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    Here's my $0.02 about them. What I don't like about secondary burn is that depending on the wood, flames need to reach up to the tubes to keep it lit, its secondary burn isn't self-sustaining. Sometimes I have a fire going, secondary burn is going great, then the pile collapes on itself and flames no longer reach the secondary burn and it goes out. It happens about twice a month, I usually open the door and reshuffle the logs to get it going again. A cat, once it's going it's carefree your fire can fall on itself won't matter. I believe you can't turn down secondary burn units as much as cats, since secondary units need flames to rise up and keep it lit a cat doesn't have that problem. Being able to turn it down more than usual though may not be useful you may have to keep your unit at medium to keep up with the heat your house is losing (as was my case). What I don't like about a cat, you have to wait for it to reach a temp to engage and I am the type if I start a fire and then do something I won't remember to come back to engage the cat. I'm also frequently running late and, like I can start a fire and lower the air down prematurely and when I come home know by the temps the secondary burn kicked in on its own. I also know everytime I walk past the fire if I had a cat I know I'll be triple-checking the cat is engaged cause I panic about things like that. The best thing about the secondary burn in my opinion, bar none, is the fireworks. Secondary burn is beautiful, it entertains me and people who visit, the whole top inside glows with rolling, clouds of blues and purples, and oranges, with sparkles, and waves of flames that dance, it is mesmorizing. I really enjoy getting a fire started, opening up a beer, and watching the secondary burn for hours thinking about life. My in-laws cat stove is surprisingly boring in comparison to sit in front of, just doesn't do it for me.

    It's really in the eye of the beerholder which suits who best. This is my opinion, not to say it's right but if you'll be actually "watching" the fire I think the secondary burn units and their "fireworks" factor the way to go. If your goal is just to heat the house and not watch the fire I'd put the edge towards the cat unit. If you want even heat, I believe you'll get marginally more even heat with a cat stove but secondary burn or cat you'll get a lot more with soapstone. Soapstone offers a significant difference in evening heat out. My unit is only soapstone lined secondary burn unit, and my unit is light years more even than my in-laws metal cat unit. If you're burning oaks & locust you can get overnight burns with a 2.4 cu ft minimum firebox I'd say, if you're burning pine you need 3 cu ft.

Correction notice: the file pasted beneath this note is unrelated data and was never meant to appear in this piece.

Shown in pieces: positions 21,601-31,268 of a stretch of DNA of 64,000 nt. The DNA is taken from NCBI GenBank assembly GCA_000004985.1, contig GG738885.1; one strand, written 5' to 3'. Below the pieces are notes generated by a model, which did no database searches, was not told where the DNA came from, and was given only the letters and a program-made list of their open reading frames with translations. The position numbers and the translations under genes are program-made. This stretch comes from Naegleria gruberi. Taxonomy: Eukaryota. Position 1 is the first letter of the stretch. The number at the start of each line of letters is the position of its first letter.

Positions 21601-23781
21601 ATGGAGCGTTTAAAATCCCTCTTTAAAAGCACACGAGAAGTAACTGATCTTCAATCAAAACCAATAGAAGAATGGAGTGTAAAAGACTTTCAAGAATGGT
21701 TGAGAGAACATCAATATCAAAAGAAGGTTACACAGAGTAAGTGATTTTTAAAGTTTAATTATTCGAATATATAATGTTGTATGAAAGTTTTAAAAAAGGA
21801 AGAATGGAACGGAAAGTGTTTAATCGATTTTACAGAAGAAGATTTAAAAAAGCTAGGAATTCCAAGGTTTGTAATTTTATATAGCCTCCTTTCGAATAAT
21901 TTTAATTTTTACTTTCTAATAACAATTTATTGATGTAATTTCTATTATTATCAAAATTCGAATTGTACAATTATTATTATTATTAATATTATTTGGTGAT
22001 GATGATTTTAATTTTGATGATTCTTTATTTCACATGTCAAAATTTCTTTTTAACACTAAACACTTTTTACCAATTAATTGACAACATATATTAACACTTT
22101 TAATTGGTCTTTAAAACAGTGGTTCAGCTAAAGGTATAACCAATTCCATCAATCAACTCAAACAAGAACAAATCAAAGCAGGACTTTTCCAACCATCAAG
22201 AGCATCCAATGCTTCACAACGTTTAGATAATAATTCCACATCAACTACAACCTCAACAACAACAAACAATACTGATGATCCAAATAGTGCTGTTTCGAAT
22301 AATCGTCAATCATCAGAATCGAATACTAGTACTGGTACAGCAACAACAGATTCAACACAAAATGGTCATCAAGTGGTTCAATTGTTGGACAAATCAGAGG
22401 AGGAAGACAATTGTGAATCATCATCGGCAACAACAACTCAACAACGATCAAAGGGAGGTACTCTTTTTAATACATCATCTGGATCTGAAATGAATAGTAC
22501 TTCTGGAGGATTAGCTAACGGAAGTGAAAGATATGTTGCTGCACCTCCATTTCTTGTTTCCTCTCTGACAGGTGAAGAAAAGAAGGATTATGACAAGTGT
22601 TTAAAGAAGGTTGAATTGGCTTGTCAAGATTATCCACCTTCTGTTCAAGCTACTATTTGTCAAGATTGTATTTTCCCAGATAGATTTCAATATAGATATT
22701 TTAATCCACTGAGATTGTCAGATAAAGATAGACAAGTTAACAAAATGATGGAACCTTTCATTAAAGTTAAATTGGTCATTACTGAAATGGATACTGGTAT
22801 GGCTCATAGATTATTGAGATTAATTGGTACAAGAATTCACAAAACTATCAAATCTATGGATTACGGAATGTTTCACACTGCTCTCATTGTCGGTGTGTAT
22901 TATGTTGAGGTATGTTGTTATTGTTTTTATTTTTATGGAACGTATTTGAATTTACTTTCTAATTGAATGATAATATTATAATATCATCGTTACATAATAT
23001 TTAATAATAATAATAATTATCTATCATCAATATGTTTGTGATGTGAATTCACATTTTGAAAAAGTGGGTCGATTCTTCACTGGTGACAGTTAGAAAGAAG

23. elkimmeg

    elkimmeg Guest

    I agree
    with a lot of wat Rom says The cat is no different than closing the damper, in fact it is the damper It resoundly closes You will not mistake activation it is almost spring loaded and clamps shut

    As for waiting all fires require you to get then to secondary stage of burning meaning the wood should show a char on its surface at that time one usually reduces air IT is also this time is when the Cat can be engaged So there are no extra trips and if you damper down again you have yto wait till you reach that stage it the same Cat or non cat stove.

    the beauty of it all at this point the thematically controlled air kicks in and self adjust to promote secondary burn In fact its feed in is into the Cat combustion chamber.

    Now this in not just cool room air but air that has been circulated around the fire box and super heated before being injected into the Cat combustor chamber.. But that is not all that is happening the smoke now that the damper is closed is forced down over the hot coal bed getting super heated plus particular burn off occurs even before entering the secondary cat combustion chamber. It too enter the cat combustor super heated Its a cold night real cold and I need heat What I will do is bring the stove up to 600 degrees (surface mount middle griddle temps)

    and activate the Cat, The thematically controlled secondary air will do its best to hold that temp through out the load Usually my primary air is either completely shut down of less than a quarter open If I want 650 I still can open more air
  24. jpl1nh

    jpl1nh Minister of Fire

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    I have never owned a secondary burn unit. With the Woodstock Keystone I recently got, which is a cat-soapstone stove, once I have my stove up to temp and can engage the cat, when I then cut the air back, I also get an absolutely mesmerizing fire display. The gassification of the wood becomes so apparent as you see the gas itself burning, not the wood, flames will passively dance from the wood to the firebox top, flicker, flare, almost go out, re-flare back to the wood. I don't believe its as active and vivid as secondary burn units from the descriptions and videos I've seen, but it is nonetheless an absolute delight to watch. Cat and soapstone; in my opinion, as good as it gets for manageable, efficient, long lasting and even heat.
  25. oregonrider

    oregonrider Member

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    I've not seen either, both sound nice. I want to get more controllable heat than I have now. I can hit mid 80s to mid 90s in the living room even with both ceiling fans running, About 80 in the dining room/kitchen. and 60 in the bedroom and bath. roben.